Posted on January 20, 2010
Leon Jay and the continuing development of the Small Circle Concept
At the beginning of the 21st century many martial artists are questioning their abilities to apply their chosen arts, to reconcile the classical with the practicalities of modern life. It is unsurprisingly difficult therefore, to find instructors able to teach us to walk that tightrope between tradition and innovation. Professor Leon Jay is one of those singular martial artists able to do just that – but he would be the first to emphasise that he is on a long learning curve. Right now he is a long way down the road, an accomplished martial artist, and when approached, a willing and skilful guide to anyone who is open to learning.
To have some idea of his qualifications as a teacher, and to understand why and how he comes to be the teacher he is, you have to know something about his background. Leon is the son of Wally and Bernice Jay – yes, that Wally and Bernice Jay – and the Professor’s successor to the leadership of the Small Circle Jujitsu School, being the Second Generation Headmaster.
Leon Jay was born in Alameda, a small island on the south side of San Francisco bay in 1955. His parents are each of mixed race: Wally is Chinese-Hawaiian; as is Bernice (who also has an English ancestor). Hawaii was the world melting pot for much of the twentieth century. Many of the best modern martial artists of all races and cultural traditions, Wally Jay not least amongst them, learned their arts on the island.
You may ask yourself what is significant about Leon’s heritage? Well, for one thing, despite coming from his family, it was never an automatic conclusion that he would inherit his father’s art – far from it. In fact, martial artists of the quality of Professor Wally Jay do not practice nepotism; they recognise it doesn’t serve the teachings they are trying to promote. Leon had to earn his rank and his inheritance the hard way. The significance of which family Leon was born into lies in the values espoused and practiced by the Jays, even more than in the incredibly high standards of technique and innovation demanded by them.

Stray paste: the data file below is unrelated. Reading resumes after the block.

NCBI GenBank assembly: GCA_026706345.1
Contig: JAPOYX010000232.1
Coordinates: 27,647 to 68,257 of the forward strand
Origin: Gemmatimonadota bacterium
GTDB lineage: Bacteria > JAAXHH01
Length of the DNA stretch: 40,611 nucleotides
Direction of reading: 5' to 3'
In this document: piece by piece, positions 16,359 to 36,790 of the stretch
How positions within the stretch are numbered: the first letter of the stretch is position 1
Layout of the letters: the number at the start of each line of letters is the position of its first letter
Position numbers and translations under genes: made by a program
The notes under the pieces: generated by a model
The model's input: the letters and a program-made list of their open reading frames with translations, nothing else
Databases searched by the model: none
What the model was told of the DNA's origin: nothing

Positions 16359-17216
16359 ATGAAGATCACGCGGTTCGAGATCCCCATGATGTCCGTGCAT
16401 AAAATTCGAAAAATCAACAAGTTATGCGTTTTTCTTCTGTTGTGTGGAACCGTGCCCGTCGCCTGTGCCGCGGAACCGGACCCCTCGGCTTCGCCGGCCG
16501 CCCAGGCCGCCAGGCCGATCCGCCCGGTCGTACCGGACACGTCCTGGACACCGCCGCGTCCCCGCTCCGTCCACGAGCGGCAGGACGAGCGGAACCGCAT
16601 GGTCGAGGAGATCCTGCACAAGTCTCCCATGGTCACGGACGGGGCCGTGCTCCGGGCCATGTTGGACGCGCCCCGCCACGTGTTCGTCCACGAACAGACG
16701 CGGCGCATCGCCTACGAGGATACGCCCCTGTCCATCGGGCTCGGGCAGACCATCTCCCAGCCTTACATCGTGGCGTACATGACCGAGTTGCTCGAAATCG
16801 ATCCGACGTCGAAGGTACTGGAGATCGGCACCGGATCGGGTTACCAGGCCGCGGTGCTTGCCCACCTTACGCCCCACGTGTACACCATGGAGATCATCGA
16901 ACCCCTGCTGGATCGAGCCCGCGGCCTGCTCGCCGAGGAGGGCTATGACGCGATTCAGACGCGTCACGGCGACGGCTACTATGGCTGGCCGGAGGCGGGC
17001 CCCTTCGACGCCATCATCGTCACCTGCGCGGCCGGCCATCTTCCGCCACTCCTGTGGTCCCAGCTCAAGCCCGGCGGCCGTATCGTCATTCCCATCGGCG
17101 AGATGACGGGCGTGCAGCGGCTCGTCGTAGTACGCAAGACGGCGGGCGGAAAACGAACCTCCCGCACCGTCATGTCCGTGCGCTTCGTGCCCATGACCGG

Although Leon received an education in Small Circle Judo and Jujitsu from his father from the age of 2, he was always interested in other arts. He holds the ranks of Shodan in Kodokan Judo, 1st Degree black belt in Tae Kwon Do, and Sandan in the Kodenkan ju-jutsu system of Professor Henry Okazaki, his father’s original sensei.
His father had always encouraged him to seek out other arts, and like many young men, particularly during his teenage years, Leon looked at a number of systems, seeking the exotic – having been surrounded by the highest standard of martial artists from his earliest memories, Leon simply thought this was normal. What it would take to impress Leon, I really can’t say; this is a man who can recall often coming home from high school to find Bruce Lee sitting on his doorstep, waiting for Professor Wally Jay to arrive home from work. Once the Professor was there, he and Bruce would push the living room furniture out of the way, and punctuate their long talks on the arts, with graphic, and tangible, illustrations of their points.
Leon began studying Tae Kwon Do at the age of 18, gaining his black belt when he was 20. He had to be banned by his teacher from grappling, as he had a tendency to capture his opponent’s kicking leg in sparring, throwing them on their faces and placing them in his father’s trademark ‘pretzel’ hold. In 1986 Leon was injured in a road accident; he still experiences stiffness in his upper back and shoulders – not that you would ever notice – and the damage to his back won’t allow the use of a lot of high kicks. But then, as he points out, he never kicks above the waist; with one notable exception when he decided he needed a little more room to work, and pushed a would-be assailant across the room with a side-kick to the chest, thus discouraging him from continuing with the attack.
As a result he returned to concentrated study and teaching of Small Circle in April 1990 after he settled in Surrey, having married his lovely English wife, Sandra. By this time, his father had begun to collaborate with two other world-famous martial artists – Remy Presas and George Dillman – and the three often presented seminars together. After Leon hosted the first of a series of seminars in Surrey, where both the Professor and Dillman Sensei taught, he began to extend his studies with Kyusho Jutsu and Tuite. Mr. Dillman had already found the Small Circle concept had further improved his grappling skills, and the Professor that Kyusho pressure point knowledge had furthered the effectiveness of his locking and throwing skills.